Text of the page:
Apple's iPad has been cleared for sale after a Shanghai court turned down a sales injunction request made by Proview Technology as the two companies argue over who owns the rights to the iPad trademarked name.
The dispute between Apple and Proview is one that is playing out in multiple Chinese courts, with some rulings going Apple's way and others being decided in Proview's favor.
The Shanghai decision is the latest in the complicated and messy dispute between the two companies.
On Thursday, the Pudong District People's Court rejected Proview's requested temporary sales ban on the iPad in a written decision, according to a Reuters report. Proview lawyers told Reuters the decision was the wrong one to be made and that an appeal is planned.
Proview and its creditors, which include the Bank of China, China Minsheng Banking and China Merchants Bank, would prefer to settle with Apple out of court rather than continue the dispute in court, according to a reports from Reuters and Bloomberg Businessweek.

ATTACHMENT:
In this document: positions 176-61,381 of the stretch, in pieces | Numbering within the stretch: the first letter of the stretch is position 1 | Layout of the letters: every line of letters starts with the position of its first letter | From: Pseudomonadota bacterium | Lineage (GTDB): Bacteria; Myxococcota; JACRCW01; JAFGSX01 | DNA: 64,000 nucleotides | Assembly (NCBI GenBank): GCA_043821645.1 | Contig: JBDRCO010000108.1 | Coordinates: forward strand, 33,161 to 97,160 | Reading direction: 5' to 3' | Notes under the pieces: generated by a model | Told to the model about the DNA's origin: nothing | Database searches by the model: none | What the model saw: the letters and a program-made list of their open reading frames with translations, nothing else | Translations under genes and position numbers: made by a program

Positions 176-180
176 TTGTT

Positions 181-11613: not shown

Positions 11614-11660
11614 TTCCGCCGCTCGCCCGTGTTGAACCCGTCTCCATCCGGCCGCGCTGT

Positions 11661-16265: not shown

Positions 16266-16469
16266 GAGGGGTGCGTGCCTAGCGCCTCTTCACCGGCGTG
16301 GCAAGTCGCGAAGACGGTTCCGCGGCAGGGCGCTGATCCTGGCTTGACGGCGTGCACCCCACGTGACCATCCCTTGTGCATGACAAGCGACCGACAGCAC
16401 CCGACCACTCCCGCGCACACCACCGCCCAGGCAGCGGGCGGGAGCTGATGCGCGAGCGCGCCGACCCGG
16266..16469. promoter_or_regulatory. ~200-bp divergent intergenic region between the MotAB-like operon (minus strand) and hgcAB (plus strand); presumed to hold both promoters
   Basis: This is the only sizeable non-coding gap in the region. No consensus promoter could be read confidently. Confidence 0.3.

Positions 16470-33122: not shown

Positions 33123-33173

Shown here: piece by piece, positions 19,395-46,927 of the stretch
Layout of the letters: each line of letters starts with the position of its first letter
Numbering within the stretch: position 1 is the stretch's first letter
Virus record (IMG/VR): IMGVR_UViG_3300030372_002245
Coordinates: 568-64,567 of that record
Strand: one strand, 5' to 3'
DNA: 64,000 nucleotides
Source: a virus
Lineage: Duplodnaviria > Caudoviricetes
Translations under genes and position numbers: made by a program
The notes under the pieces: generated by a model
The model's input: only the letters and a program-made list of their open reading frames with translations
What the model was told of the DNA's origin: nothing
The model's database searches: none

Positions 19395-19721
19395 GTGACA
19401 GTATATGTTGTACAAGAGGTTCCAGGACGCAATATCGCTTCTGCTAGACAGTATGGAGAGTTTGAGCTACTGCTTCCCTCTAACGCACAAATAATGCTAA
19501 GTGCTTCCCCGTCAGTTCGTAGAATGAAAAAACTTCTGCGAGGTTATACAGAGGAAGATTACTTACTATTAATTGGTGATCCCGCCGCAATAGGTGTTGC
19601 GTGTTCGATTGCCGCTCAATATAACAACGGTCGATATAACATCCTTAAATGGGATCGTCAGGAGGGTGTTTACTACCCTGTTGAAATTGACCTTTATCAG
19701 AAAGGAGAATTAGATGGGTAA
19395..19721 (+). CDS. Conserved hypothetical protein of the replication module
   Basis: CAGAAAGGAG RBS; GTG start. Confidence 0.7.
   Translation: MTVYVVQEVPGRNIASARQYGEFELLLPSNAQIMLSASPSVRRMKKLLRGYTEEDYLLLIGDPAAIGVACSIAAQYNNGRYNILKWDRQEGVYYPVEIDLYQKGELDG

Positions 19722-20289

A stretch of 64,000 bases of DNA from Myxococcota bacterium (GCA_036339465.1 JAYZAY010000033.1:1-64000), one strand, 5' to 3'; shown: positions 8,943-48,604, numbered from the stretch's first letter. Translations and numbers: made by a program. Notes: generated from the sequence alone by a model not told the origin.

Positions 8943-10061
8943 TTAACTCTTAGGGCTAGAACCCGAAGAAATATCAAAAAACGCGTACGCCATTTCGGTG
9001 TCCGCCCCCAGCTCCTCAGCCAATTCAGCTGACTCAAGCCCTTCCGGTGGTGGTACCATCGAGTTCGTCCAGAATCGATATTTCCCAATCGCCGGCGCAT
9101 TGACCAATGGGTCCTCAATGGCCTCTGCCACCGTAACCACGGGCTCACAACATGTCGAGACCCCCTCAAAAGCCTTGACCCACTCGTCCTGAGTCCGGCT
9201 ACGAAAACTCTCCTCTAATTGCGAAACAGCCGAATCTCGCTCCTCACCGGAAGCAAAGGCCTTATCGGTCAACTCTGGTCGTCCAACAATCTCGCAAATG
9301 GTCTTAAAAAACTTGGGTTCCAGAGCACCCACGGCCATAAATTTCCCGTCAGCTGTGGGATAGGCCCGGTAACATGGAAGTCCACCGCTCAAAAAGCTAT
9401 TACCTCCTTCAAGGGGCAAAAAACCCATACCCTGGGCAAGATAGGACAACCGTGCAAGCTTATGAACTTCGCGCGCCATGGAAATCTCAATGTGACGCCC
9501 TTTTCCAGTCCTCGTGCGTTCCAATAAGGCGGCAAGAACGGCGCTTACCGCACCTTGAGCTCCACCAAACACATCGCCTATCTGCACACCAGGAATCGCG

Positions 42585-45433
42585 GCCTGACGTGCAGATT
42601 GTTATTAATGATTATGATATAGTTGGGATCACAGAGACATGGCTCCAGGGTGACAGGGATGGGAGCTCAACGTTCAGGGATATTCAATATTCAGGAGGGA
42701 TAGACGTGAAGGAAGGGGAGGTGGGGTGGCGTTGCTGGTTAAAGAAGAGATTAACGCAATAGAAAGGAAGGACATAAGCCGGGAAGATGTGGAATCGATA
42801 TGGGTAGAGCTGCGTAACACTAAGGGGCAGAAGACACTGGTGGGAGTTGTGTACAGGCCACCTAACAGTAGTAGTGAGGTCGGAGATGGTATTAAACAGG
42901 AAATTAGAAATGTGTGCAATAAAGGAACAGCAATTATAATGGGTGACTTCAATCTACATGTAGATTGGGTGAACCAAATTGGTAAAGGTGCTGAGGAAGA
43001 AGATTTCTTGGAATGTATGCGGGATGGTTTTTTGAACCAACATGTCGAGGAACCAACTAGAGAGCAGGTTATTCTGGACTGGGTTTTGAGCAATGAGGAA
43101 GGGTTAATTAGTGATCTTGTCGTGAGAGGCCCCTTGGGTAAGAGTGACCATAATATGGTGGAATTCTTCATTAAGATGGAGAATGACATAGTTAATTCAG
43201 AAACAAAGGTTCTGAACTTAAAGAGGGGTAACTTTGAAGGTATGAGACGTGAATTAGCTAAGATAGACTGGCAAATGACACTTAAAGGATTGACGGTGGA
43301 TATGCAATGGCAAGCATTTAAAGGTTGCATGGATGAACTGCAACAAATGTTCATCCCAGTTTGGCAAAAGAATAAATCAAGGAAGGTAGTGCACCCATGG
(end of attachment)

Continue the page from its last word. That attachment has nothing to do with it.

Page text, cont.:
At the center of the dispute is the question of who owns the rights to the trademark for the iPad name -- Apple or Shenzhen-based Proview Technology.
Apple has said it purchased the rights to the name from Proview, while Proview has argued it hasn't licensed the iPad naming rights to Apple. Rather, Proview has said its subsidiary, Proview Electronics, sold the iPad naming rights to Apple in a 2006 "global trademark" agreement it says doesn't apply to China. The 2006 deal was worth about $54,000.
Proview has sued Apple in multiple Chinese city courts calling for sales bans on the iPad over the alleged trademark infringement and has also threatened to sue Apple for as much as $2 billion.
Last week, the Intermediate People's Court in the southern Chinese city of Huizhou ruled iPad sales should be halted until the dispute is resolved, and other rulings have resulted in iPads being pulled off of store shelves in northern China as the trademark battle has escalated.
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